10 Jan Huffington Post- Gina Rivera Your Opportunity For Renewal
I call January and February the “funk months.”
We’re blessed in the salon industry with very little in the way of a seasonal slowdown, unlike some businesses that experience a precipitous drop in business during certain months. What little seasonal drop we do experience, comes now.
The holidays are a wonderful frenzy of celebration, gift giving, and doing “something different” and bold with hair styles. We get very, very busy. Now, some of our clients pull back a bit and return to their jobs and carpools with a list of New Year’s resolutions.
A slowdown for us isn’t a bad thing. The funk months become an opportunity. Here are a couple of suggestions:
1. Pursue Continued Education.
This is a fantastic time for salon professionals to get recharged about their work with some technique classes on the coming trends for the New Year.
Continued education for salon professionals should be a very high priority. I believe so strongly in this that my company invest in that principle, providing classes led by members of our education team free to our salon professionals. Our education team is now in Copenhagen studying the latest trends and techniques. When they return they will fan out to all or our company traveling to all of our locations across the country to share what they’ve learned.
Meanwhile go online and search for classes in your area, or maybe use this brief slowdown to travel to an-out-of-town event — of course, keep track of expenses for tax purposes. There are major conventions in Long Beach this month and Chicago in March that are wonderful opportunities for education.
2. Go to Product Websites and Review Their Material on Usage and Techniques.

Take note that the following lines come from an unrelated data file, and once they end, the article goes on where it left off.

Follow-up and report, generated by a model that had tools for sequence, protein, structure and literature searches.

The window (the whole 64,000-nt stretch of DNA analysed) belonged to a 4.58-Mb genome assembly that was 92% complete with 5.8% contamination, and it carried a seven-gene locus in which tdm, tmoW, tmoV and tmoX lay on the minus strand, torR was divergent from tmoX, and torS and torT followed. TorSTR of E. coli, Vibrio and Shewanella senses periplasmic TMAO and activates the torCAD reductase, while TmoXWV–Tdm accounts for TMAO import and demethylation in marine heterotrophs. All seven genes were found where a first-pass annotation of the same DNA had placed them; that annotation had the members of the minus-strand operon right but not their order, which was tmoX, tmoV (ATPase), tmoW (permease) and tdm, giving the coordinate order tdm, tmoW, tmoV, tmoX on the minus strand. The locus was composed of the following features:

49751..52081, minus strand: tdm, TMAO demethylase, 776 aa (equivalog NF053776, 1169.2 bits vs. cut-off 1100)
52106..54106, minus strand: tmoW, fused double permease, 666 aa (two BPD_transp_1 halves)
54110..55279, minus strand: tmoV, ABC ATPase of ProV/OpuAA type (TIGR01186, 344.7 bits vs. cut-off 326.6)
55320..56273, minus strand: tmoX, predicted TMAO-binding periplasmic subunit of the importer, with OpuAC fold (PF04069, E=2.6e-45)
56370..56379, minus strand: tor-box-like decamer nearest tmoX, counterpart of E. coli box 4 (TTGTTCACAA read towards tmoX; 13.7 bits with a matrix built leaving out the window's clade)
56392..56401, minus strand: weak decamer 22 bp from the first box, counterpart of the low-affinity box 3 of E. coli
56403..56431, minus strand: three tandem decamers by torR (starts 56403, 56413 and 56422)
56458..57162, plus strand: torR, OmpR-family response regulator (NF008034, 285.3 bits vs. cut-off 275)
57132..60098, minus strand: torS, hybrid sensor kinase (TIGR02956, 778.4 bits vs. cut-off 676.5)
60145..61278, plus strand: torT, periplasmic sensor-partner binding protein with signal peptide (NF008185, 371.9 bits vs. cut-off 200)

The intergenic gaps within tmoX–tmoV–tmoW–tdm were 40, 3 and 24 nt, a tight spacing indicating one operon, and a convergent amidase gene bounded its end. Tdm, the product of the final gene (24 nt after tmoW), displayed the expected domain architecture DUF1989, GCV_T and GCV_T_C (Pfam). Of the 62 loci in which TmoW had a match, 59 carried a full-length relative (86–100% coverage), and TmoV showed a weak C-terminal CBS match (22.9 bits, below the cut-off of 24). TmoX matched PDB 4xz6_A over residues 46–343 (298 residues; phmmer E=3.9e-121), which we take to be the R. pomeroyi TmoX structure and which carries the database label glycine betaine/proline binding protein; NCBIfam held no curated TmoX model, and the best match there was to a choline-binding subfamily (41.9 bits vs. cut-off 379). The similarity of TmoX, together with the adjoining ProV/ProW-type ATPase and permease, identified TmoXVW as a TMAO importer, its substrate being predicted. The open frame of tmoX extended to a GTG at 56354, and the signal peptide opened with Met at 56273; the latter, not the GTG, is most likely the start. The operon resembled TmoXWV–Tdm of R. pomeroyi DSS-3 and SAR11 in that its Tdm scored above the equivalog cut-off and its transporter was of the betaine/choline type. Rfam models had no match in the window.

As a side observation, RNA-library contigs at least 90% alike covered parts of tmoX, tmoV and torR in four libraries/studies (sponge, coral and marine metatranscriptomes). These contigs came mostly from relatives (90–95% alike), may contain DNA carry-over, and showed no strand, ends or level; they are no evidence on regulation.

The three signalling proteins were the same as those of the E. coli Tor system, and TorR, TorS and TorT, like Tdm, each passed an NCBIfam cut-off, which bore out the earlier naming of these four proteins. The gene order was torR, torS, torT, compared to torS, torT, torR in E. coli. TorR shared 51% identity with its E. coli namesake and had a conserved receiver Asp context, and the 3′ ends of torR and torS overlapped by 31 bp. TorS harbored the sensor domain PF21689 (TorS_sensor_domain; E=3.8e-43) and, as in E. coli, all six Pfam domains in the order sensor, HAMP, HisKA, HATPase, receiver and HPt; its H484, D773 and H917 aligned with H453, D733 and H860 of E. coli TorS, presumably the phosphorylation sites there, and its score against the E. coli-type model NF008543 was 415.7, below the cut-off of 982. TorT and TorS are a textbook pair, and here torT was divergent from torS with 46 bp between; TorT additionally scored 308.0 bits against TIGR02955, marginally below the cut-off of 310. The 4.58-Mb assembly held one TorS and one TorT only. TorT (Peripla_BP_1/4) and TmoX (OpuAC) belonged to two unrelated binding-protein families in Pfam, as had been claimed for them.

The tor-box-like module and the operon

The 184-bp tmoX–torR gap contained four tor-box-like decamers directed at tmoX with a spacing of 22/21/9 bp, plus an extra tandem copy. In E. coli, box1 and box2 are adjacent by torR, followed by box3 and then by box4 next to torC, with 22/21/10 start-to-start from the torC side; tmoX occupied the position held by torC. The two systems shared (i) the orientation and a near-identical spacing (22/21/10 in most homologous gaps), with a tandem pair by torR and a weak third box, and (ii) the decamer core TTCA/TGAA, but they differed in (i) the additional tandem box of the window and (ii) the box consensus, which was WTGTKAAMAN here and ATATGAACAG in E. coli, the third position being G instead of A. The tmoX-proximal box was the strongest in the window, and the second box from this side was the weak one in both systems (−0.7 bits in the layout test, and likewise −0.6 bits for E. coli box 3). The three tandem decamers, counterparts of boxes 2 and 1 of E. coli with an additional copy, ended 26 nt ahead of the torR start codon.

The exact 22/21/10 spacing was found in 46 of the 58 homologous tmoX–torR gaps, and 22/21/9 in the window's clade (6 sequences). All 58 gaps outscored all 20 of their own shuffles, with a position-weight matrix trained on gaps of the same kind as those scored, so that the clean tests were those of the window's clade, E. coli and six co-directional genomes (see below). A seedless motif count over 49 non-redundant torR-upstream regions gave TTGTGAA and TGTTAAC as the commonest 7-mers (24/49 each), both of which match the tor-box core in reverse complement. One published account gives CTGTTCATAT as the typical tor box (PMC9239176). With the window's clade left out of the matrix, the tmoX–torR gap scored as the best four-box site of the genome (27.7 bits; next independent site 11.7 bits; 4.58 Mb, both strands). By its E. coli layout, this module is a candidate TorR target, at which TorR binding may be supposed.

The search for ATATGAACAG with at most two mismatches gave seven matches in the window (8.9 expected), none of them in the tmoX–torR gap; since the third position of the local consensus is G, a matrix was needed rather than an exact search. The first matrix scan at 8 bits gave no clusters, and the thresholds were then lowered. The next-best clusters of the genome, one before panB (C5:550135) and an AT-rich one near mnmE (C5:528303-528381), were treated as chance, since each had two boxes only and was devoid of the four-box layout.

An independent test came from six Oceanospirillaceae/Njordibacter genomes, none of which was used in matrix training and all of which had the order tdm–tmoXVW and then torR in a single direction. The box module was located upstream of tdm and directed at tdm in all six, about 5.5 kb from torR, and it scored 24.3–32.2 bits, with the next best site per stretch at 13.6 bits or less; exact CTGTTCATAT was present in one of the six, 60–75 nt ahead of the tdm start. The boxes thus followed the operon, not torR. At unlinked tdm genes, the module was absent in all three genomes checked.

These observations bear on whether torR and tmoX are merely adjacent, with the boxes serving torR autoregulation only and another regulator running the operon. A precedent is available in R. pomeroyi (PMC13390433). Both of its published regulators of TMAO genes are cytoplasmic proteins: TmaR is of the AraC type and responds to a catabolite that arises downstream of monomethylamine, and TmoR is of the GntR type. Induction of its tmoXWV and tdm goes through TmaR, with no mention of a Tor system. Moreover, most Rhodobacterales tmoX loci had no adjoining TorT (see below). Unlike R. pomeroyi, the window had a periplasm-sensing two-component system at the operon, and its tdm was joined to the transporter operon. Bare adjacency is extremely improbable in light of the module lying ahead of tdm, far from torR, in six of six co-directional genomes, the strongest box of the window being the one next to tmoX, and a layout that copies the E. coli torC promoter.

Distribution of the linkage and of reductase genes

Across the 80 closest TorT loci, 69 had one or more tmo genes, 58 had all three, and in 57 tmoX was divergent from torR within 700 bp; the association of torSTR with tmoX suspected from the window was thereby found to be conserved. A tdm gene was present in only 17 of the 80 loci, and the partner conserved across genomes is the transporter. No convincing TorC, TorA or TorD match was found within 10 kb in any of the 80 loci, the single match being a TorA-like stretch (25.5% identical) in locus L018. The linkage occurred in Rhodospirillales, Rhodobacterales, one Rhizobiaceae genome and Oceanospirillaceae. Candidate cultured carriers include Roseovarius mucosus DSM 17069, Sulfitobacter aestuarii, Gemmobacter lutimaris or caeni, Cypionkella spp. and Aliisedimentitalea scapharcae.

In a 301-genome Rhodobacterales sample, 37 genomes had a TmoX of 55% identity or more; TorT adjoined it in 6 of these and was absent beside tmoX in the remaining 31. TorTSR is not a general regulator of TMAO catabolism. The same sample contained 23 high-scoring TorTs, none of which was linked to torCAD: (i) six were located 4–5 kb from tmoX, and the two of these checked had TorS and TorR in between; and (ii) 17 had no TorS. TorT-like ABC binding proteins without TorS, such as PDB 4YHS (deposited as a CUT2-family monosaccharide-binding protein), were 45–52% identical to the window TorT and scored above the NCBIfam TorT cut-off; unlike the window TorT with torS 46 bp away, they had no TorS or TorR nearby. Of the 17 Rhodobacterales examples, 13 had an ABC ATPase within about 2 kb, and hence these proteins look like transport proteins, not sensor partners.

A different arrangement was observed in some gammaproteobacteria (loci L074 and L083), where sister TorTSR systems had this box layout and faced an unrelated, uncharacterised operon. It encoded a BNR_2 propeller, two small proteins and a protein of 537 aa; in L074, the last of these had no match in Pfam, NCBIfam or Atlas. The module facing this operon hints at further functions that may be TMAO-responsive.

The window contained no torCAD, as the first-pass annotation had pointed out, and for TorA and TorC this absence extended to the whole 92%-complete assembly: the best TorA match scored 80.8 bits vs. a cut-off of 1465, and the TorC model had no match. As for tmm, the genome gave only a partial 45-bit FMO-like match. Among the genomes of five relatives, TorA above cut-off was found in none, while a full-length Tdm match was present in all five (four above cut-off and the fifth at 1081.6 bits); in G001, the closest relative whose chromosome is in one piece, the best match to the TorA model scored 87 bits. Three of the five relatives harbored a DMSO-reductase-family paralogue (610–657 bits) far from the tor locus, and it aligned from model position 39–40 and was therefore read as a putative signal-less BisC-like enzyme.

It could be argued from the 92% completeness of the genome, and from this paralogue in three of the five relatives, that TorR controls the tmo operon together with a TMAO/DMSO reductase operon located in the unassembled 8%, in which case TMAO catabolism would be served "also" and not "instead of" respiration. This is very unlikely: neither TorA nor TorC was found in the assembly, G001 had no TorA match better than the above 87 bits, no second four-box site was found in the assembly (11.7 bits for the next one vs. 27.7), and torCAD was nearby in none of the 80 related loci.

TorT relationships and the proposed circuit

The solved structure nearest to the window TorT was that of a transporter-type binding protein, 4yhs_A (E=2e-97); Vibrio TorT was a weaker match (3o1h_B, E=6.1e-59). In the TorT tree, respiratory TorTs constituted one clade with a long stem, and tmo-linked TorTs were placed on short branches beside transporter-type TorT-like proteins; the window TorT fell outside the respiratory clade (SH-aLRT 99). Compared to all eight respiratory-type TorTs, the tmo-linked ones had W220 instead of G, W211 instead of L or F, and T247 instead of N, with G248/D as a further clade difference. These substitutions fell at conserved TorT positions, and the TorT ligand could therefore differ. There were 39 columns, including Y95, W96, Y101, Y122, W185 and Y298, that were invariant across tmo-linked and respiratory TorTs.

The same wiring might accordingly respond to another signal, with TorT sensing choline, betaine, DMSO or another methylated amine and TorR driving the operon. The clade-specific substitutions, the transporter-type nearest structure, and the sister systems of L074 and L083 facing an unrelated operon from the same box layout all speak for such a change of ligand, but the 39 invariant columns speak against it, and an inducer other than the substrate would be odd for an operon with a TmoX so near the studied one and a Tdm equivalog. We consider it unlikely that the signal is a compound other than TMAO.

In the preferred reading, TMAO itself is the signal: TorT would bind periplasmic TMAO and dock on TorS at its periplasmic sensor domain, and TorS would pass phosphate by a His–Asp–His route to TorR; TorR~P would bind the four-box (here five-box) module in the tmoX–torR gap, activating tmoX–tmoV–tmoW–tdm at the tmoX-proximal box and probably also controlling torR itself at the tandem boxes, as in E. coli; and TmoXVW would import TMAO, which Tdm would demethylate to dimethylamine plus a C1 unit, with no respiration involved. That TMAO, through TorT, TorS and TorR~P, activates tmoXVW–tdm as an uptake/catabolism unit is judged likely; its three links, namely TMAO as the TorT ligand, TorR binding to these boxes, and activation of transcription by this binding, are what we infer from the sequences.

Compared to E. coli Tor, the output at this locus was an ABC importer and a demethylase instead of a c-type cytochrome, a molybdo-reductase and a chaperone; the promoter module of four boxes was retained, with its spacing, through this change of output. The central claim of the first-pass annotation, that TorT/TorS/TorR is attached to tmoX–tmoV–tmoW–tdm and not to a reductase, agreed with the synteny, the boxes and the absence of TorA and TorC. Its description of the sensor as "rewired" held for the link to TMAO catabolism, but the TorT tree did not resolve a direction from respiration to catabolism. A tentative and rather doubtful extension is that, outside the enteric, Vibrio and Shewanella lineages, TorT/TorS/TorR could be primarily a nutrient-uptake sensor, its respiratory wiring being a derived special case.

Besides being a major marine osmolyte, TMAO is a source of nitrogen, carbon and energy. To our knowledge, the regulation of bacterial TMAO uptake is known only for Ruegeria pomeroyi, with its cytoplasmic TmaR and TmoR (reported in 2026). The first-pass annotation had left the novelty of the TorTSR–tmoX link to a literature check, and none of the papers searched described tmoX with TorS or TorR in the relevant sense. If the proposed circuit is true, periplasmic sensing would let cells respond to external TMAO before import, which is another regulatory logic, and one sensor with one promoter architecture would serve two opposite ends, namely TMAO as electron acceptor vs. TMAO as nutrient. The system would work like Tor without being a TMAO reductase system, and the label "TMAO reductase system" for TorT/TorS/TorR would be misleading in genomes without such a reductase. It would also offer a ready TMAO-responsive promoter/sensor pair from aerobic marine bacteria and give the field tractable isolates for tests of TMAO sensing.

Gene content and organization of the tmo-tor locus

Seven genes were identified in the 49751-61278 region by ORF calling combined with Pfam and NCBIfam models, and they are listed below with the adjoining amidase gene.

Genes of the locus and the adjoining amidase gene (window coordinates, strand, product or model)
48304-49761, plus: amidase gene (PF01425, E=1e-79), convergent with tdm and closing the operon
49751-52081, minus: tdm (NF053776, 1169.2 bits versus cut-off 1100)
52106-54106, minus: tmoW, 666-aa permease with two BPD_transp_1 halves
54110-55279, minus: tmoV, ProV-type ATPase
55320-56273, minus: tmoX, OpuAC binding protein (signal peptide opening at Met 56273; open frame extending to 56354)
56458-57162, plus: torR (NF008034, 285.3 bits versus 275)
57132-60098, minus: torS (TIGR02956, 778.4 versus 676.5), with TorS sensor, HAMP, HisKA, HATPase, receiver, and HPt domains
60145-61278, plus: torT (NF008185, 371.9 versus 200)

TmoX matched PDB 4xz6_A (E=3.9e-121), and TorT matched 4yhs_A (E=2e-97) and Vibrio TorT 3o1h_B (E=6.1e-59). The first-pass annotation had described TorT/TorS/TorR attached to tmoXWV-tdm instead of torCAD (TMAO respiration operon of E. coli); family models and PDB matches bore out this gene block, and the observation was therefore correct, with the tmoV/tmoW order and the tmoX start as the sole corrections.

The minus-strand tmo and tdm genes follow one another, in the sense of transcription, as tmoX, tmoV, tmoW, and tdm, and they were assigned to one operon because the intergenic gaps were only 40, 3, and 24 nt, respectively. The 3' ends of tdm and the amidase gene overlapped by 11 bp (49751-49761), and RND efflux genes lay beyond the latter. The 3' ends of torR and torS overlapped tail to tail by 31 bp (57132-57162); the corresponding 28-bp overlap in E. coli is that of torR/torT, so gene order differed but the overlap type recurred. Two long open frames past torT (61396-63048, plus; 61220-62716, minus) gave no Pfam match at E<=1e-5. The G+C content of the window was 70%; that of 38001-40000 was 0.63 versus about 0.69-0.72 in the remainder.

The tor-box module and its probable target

Then look for similar products and their descriptions for comparison. There are many options for obtaining more information if you cannot get away or travel. The internet is a great resource as are product websites and sites like YouTube.
3. Truly Take Time to Focus and Study.
The sheer volume of media produced about our industry is both wonderful and daunting — there is so much! And we are in it all the time. We live and work in it. But how often do we stop and really study the styles and trends. We can take the time to do that now.
Go back through recent magazines with the folded corners. Rediscover those styles that caught your eye. Look for multiple examples and variations. Then begin to formulate how those styles were created. Look for classes and talk with friends and colleagues about recreating certain looks. This is your opportunity to expand your repertoire, to reach beyond those cuts that you already do so well and take them to a higher level.
4. Care for Your Salon.
You are an artist. This is your studio, your salon. This is also where you receive your clients. Take time to clean and care for this essential, personal and professional space. Maybe your salon or work space is due for a new look? This is your chance to make that happen. Review your product stock — out with the old, in with the new. Keep this fresh and clean for the sake of performance and appearance.
Of course, you will have clients wanting cuts and color. In January and February, there is really one more opportunity to go with the dark colors for winter, including the deep, rich reds, before transitioning to the lighter and brighter hairstyles of spring and summer. It’s a good time to do that daring color one more time. Naturally, if your client longs for the warmer months and wants to transition sooner than later, help them do that. They’re smiles and self-esteem are paramount.